By Gary Fauber
Assistant Sports Editor
It wasn’t about a man returning to his stomping grounds, getting back to the profession he loves so dearly.
Yes, Bob Bolen looked right at home at Van Meter Gymnasium, where he held countless practice sessions preparing Mountain State University for its annual runs to the NAIA National Tournament. He was even dressed in a MSU warmup, although no whistle dangled from his neck.
The players he coached wore blue uniforms, but there was no Moss, Nabors or Gilliard to be found. Familiar names were replaced by the likes of Weaver, LeRose and Chapman.
And that was just fine by Bolen.
Normally, this weekend would have Bolen in a gym somewhere in South Carolina, coaching his Cougars to an obligatory Independent Region Championship. MSU, by the end of the season, was always assured of an at-large bid to the national tournament; the region tournament was a mere technicality.
This year, however, Bolen is at home. The Beckley native is coaching the West Virginia Generals youth travel team in the 41st annual Wendy’s/YMCA of Southern West Virginia Biddy-Buddy All-Star Tournament.
Bolen, who was left without a coaching job after the MSU athletic department was disbanded last summer, isn’t just passing time until a new college gig comes calling. The Biddy-Buddy holds a special place in his heart. His father, Bob, got the tournament rolling in the early 1970s, and now Bolen has the chance to help a new generation create its own memories.
“It’s the top tournament of the year for everybody,” Bolen said after his team lost a 44-41 game to the East Warriors in the fifth-grade division. “Nineteen fifth-grade teams from all over the country. It’s just a great tournament. Good competition.”
Winning is nice, but a tournament such as this is as much about the good times as it is the trophy. Bolen got to experience both fun and the hardware as a former tournament MVP.
“I just remember the excitement of playing in it as a young kid,” he said. “We won the championship; beat Oak Hill. Just real fond memories. It’s grown over the years. It’s just a first-class tournament.”
The Generals started their tournament play with a 47-40 overtime win over the Chesapeake Swarm Friday afternoon before falling to the Warriors in the quarterfinals. There’s no chance at a championship, but Bolen doesn’t see that denting his players’ desire to play well, even with a 9:15 a.m. game looming today.
“The thing about these kids, they care,” Bolen said. “They play so hard and they want to win so bad. It’s a lot different for me than coaching in college, because I never fuss at them. I don’t fuss at them (and) very seldom fuss at the referees. These kids care so much. They are really a joy. I don’t know, this might be the only year I get to do it.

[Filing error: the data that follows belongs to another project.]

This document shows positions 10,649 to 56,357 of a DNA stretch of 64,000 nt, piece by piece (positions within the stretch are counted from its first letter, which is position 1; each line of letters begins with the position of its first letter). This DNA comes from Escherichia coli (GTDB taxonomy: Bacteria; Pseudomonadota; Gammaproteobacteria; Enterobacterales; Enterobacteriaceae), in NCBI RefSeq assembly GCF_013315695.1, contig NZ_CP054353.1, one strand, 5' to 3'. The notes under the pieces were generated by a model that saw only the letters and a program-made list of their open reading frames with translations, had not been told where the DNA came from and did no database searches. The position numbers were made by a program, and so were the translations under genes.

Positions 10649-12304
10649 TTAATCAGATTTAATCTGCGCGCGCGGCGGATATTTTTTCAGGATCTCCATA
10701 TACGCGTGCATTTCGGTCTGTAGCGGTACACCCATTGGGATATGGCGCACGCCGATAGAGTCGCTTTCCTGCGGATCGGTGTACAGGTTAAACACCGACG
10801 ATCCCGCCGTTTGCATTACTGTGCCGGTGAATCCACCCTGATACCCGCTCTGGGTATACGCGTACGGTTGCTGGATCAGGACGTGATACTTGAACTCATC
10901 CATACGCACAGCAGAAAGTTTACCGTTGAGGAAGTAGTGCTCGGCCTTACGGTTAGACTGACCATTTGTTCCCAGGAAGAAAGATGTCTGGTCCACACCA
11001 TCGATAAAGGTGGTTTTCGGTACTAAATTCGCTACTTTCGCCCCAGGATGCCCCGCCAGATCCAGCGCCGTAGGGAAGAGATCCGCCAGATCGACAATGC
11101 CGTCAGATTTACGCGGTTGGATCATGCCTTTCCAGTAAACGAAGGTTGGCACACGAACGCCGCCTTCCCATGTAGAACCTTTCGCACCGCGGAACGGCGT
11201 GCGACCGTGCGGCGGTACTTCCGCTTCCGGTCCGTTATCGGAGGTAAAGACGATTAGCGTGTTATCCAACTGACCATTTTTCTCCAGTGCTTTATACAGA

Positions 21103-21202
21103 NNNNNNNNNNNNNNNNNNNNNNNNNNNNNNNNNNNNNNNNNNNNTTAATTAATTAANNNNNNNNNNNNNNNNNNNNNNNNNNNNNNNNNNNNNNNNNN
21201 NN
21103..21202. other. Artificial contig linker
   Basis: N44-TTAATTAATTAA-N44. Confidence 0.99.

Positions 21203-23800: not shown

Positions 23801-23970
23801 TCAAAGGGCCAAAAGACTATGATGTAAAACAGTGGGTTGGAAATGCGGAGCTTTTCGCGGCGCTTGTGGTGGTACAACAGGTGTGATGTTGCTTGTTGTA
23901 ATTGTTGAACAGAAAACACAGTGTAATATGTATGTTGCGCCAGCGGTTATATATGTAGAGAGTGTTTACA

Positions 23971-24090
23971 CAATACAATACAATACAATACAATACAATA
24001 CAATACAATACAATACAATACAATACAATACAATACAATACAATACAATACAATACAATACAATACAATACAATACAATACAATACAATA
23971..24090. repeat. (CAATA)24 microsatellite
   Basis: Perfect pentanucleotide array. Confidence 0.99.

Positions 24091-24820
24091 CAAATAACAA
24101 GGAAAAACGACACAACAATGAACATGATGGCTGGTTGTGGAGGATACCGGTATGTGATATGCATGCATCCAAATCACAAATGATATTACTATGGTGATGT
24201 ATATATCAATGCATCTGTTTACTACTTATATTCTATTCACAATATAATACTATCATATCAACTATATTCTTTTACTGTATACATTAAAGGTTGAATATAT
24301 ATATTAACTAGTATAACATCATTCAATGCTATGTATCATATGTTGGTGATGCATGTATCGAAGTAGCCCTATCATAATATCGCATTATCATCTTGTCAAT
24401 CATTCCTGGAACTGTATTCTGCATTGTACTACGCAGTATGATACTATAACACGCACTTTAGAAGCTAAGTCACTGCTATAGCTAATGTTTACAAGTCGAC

“It’s been fun. They work so hard, and to see how much better they have become since October, that part of it I have really enjoyed.”
The idea for the team came when Bolen’s son, Jaysen, asked his dad to round up some players and get it going.
“Well, I guess I had some time on my hands,” Bolen said, laughing. “It’s very enjoyable. Very different.”
The differences between coaching at the two levels are night and day.
“It’s harder (at the youth level), because you only get to practice once or twice a week,” he said. “You constantly have to get them in the right place, whereas in the college game, you’ve watched all this film and you call one number and everybody knows where to go.
“I’ll tell you this, as far as a caring standpoint, they care as much about winning that game right there — and I’m not so sure I don’t — as you do winning a game in Kansas City (in the national tournament). And that makes it enjoyable, because they do care.”
The Generals roster is: Tate Richardson, Zach Weaver, Jaysen Bolen (Bradley); Austin Anderson (Beckley); Luke LeRose (Summersville); Tommy Williams (Daniels); Brian Walker (Maxwell Hill); and Haven Chapman and Dean Chapman, natives of Beckley who now live in North Carolina but join the Generals each weekend.
The Chapmans’ dad, Brian, is an assistant coach and regularly communicates with Bolen in regard to strategy.
“I fax him some of the little sets we put in,” Bolen said.
The Generals regularly work with another area travel team, the Green Machine.
“We practice together all the time, so they have seven and we have seven,” Bolen said. “It’s an enjoyable experience.”
No surprise that Bolen misses his job. At the same time, it has opened the door to time that he will never take for granted.
“The only job I ever wanted was taken away,” he said. “But the time I have got to spend with my family and coaching these boys this year has been a blessing.”
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